The explosion of the sharing economy may be working wonders on your bank balance by reducing the amount of ‘stuff’ you own. Today you can ‘borrow’ cars, bicycles, cottages, or even an entire music library.

Ways to share are everywhere— according to research from PwC, the global sharing economy is forecast to grow to $335 billion by 2025, up from only $15 billion in 2013.

Paulette Thompson, a counsellor manager with Credit Canada in Toronto says tapping into shared resources can be helpful for those looking to save.

“Overall, [sharing] can be a very successful tool for money management and budgeting, depending on how you use it,” she says.

However, these subscription purchases left unchecked can be expensive. Here’s how to make the most of shared services:

Get Real: What and how we consume goods and services is very individual. Be honest about how often you’ll borrow a car or how many hours per week you’ll watch streaming tv. Charmaine Huber, a Barrie-Ont. based-certified money coach with Money Coaches Canada, recommends reviewing your budget first and to select the services that will truly enhance your life. You don’t have to sign up for everything.

Ask around: Before committing, says Thompson, ask family, friends and co-workers about their experiences with a particular product or service, and compare prices. By finding out extra details in advance, you may save yourself the work and expense of subscribing to something that’s not for you.

In her life, before signing up for a car sharing service membership, Thompson asked co-workers for their ‘good, bad and ugly’ experiences. After finding out that car share she was most interested in is geared towards short-term rather than full weekend use, she opted instead to rent when she needed.

“Had I not talked to anyone and not looked into it, I could have actually been paying more in the long run,” she says.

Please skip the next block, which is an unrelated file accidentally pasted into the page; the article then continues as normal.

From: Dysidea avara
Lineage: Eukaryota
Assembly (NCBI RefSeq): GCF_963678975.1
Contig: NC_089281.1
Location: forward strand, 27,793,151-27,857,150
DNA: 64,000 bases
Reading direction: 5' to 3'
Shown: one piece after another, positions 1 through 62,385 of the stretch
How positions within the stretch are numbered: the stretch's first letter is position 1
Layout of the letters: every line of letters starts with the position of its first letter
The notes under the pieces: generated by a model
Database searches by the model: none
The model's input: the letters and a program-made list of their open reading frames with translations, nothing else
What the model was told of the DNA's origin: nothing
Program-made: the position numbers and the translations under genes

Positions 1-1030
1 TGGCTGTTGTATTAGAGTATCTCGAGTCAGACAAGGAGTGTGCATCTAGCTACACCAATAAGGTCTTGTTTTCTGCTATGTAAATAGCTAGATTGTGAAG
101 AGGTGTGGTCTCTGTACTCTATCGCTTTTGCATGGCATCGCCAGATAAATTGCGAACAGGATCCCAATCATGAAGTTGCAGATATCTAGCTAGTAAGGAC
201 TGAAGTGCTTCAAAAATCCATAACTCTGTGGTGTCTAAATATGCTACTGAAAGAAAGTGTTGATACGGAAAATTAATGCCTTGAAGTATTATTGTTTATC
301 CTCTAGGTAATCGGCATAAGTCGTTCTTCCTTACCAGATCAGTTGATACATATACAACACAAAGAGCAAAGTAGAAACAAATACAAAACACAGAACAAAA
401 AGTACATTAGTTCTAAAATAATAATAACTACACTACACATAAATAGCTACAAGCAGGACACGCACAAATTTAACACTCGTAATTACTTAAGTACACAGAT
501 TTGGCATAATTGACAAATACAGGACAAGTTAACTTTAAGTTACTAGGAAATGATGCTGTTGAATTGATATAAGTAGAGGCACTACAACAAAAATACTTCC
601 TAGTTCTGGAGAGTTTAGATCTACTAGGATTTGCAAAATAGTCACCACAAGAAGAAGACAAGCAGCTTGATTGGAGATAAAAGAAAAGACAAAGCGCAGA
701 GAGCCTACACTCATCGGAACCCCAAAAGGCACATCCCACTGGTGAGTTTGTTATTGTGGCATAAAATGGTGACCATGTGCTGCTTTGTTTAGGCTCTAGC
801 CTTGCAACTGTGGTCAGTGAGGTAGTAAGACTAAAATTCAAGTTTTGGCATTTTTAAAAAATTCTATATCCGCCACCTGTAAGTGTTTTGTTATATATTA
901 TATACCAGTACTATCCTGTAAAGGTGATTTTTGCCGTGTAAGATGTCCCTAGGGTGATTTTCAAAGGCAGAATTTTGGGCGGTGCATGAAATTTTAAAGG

Share It: Consider splitting the cost of services with others. For example, a meal-delivery service could be shared with neighbours if you can add multiple account users with each person sharing a part of the bill.

Get Creative: We’re all familiar with popular streaming providers like Netflix or Spotify, carshare apps like Zipcar and vacation rental sites such as AirBnb. But savings from the sharing economy can also be found elsewhere. If you’re self-employed, for example, could you share overhead at an office-share? Perhaps you could grow your own produce by renting space in a community garden?

Use it or lose it: One area where people often fail to realize savings from the sharing economy, says Huber, is by not using what they pay for.

It’s easy to subscribe to several services to take advantage of promotions. But you don’t want to be paying for three music streaming services that you don’t use.

“[People] sort of slough it off as ‘it’s not a big deal, it’s not a large amount so it doesn’t really matter’,” says Huber. But, she adds, it’s important to look beyond the monthly fee — even if it’s only equivalent to the price of a couple of Starbucks coffees — to ensure you’re getting value.

“Are you actually using it or are you just adding to that company’s stock price, in which case you might be better off just owning the stock instead.”

Helen is a freelance writer specializing in news and feature articles on a variety of business, legal and investment topics. Her work has appeared in publications such as the Globe and Mail, National Post Legal Post, Fund Strategy magazine, Canadian Lawyer magazine, Benefits Canada and the Hamilton Spectator’s Hamilton Business magazine. Prior to embarking on a freelance career, Helen was the Community Content Editor for, and she previously worked as Associate Editor of Canadian Lawyer magazine/Law Times newspaper. Follow her on Twitter @helenbnichols